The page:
I’ve been horse shopping – but not for myself. I’m looking for a second mount for my husband, Barry. The criteria is straightforward: endurance prospect, gelding, 15.2+ hands, 1000+ lbs., between 4 and 8 years of age, correct  conformation, sturdy enough to carry a heavyweight rider, good feet and nice disposition. My internet search on numerous sites netted a list of about 20 horses in California. From there, I sent inquiries and pared down the list until I had narrowed it to five horses I wanted to look at. One of the five was abruptly pulled off the market. That left me with four prospects.

Horse #1 was gorgeous! He was 15.3 hands, very correct and a nice mover. He had been shown quite a bit, which told me he was great amidst chaos and was a good traveler. Unfortunately, he had three strikes against him: he had never been out on the trail; he was 8 turning 9; and he had bad feet and a terrible shoeing job. He was barefoot in the back (great!), but was shod in the front very close (shoes too small) and had long, contracted heels. Knowing what I know now about transitioning a horse out of shoes, I knew it would be a minimum six-to-nine-month process to get this horse’s front hooves back to their natural state. So, by the time he was trail trained and comfortable being barefoot, he would be 10+ years old. I passed on this horse.

Horse #1. Nice show horse, but not what I was looking for in an endurance prospect.

Horse #2. He sounded too good to be true, and he was. This 5-year-old Arabian gelding was advertised as being 16 hands, 1500 lbs., with “too many good attributes to list.” The only attribute that turned out to be true was his height. He was dangerously skittish. His owner kept his halter on 24/7 because he was difficult to catch and he’d only been “sat on” about dozen times. He had a crooked front leg (knee turned out/tipped pastern/club foot).  He was barefoot in the back and had nice feet. However, he was shod in the front and had the worst shoeing job I had seen in a long time. All this was beside the point because he was grade 2 lame at the trot on a longe line, and it got worse the longer he trotted. I stopped there. The owner was tearful, swearing he had never taken a lame step in his life. While I don’t like to voice my opinions about another person’s horse, I told the owner that her farrier wasn’t doing her any favors.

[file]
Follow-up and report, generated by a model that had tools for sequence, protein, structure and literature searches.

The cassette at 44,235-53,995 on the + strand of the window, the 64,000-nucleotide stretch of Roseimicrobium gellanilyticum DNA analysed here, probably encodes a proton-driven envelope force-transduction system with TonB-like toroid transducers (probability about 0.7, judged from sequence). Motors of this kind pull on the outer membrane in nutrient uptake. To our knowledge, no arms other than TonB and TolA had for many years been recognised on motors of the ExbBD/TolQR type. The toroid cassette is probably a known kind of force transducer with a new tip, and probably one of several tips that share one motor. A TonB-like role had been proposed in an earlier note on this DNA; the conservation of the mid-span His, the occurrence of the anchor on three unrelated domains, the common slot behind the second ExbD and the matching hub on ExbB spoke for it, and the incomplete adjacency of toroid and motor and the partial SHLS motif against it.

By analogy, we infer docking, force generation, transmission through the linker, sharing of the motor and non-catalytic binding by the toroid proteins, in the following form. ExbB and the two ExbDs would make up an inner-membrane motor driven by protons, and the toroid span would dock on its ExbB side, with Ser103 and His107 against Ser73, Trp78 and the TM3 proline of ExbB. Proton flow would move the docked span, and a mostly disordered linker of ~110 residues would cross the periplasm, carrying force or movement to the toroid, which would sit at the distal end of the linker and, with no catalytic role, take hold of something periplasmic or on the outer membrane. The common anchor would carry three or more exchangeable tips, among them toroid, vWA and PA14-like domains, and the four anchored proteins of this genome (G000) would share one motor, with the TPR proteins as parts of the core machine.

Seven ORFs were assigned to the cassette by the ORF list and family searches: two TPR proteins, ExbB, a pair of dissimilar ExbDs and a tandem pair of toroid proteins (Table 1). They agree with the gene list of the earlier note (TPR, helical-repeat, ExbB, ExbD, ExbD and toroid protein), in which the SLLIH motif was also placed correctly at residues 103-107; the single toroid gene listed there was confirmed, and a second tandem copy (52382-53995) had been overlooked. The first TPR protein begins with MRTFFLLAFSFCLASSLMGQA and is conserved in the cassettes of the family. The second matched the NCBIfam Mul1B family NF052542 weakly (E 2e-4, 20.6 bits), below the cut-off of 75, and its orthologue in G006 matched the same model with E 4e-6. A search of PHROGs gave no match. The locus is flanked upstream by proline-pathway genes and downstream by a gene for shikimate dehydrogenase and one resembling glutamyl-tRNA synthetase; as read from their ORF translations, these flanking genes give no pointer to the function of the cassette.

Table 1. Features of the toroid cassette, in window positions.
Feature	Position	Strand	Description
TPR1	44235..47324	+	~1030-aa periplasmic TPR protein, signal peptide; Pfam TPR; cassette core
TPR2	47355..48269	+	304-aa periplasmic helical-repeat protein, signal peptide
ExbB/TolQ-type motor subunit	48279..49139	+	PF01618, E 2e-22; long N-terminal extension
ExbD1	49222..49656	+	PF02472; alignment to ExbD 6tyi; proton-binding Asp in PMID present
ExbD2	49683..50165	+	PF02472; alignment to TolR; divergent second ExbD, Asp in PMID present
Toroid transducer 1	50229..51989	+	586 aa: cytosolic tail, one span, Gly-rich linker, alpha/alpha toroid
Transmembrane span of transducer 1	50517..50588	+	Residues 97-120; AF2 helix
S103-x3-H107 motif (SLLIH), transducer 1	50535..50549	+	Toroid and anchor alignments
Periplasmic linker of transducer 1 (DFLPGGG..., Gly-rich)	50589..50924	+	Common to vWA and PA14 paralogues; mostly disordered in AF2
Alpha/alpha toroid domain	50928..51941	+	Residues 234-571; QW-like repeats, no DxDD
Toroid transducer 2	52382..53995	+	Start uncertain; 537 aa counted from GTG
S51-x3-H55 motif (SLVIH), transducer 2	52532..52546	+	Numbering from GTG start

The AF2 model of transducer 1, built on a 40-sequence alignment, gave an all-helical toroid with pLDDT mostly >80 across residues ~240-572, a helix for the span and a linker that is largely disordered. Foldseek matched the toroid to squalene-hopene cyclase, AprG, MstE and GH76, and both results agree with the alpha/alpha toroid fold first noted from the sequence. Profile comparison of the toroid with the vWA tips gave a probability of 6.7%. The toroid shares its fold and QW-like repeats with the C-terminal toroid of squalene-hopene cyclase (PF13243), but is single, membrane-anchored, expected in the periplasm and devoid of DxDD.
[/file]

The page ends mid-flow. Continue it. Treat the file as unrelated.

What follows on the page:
Horse #2 was stunning, but…..

Very crooked right front leg. Note the huge splints below the inside of the knees. The shoeing was horrific!

Horse #3  was lovely. He was 15.2 (advertised 15.3) and 5 turning 6 years old. He had nice confirmation but a little light in the hind end, beautiful feet and had never been shod. Although the owner had him in training for nine months, he was very green and very insecure.  If I was looking for a project horse for myself, I would consider him because he was a very friendly, likeable horse. However, I decided that he was too small for my husband and didn’t have that easy-going disposition I was looking for.

Nice gelding gelding with…

Nice hooves!

Horse #4 was a half-Arabian gelding, 7 turning 8 years old, 15.2 hands (advertised as 15.3) and 1000+ lbs. I liked him in all the videos I viewed of him and I liked him more when I saw him in person. He had been shown in dressage, ridden on the trail and had wintered out on an 11,000-acre ranch. He had an easygoing, willing disposition.  He had nice conformation – big hip, very correct legs, nice shoulder and neck. He was slightly longer-backed that I would have liked but that wasn’t a deal killer. He had fabulous feet. Big, round platter feet. My eyeball guess is that he would wear at minimum a size 2W in the Easyboot Glove.

I really liked horse #4, especially …

His feet! Wow!

Once upon a time, I would not have weighed the importance of good feet to the degree that I do now. Of course, I would look for good feet, but my criteria would not have included “never been shod.”  I’m no hoof specialist or veterinarian, but I have learned a lot in the last three years about hooves and transitioning a horse out of shoes. The two horses I looked at that were shod both had terrible shoeing jobs to the point that the shape of the foot had been compromised. The two horses that had never been shod both had beautiful, round, healthy feet. My horse shopping certainly served to reinforce what I have come to learn about the benefits of barefooting.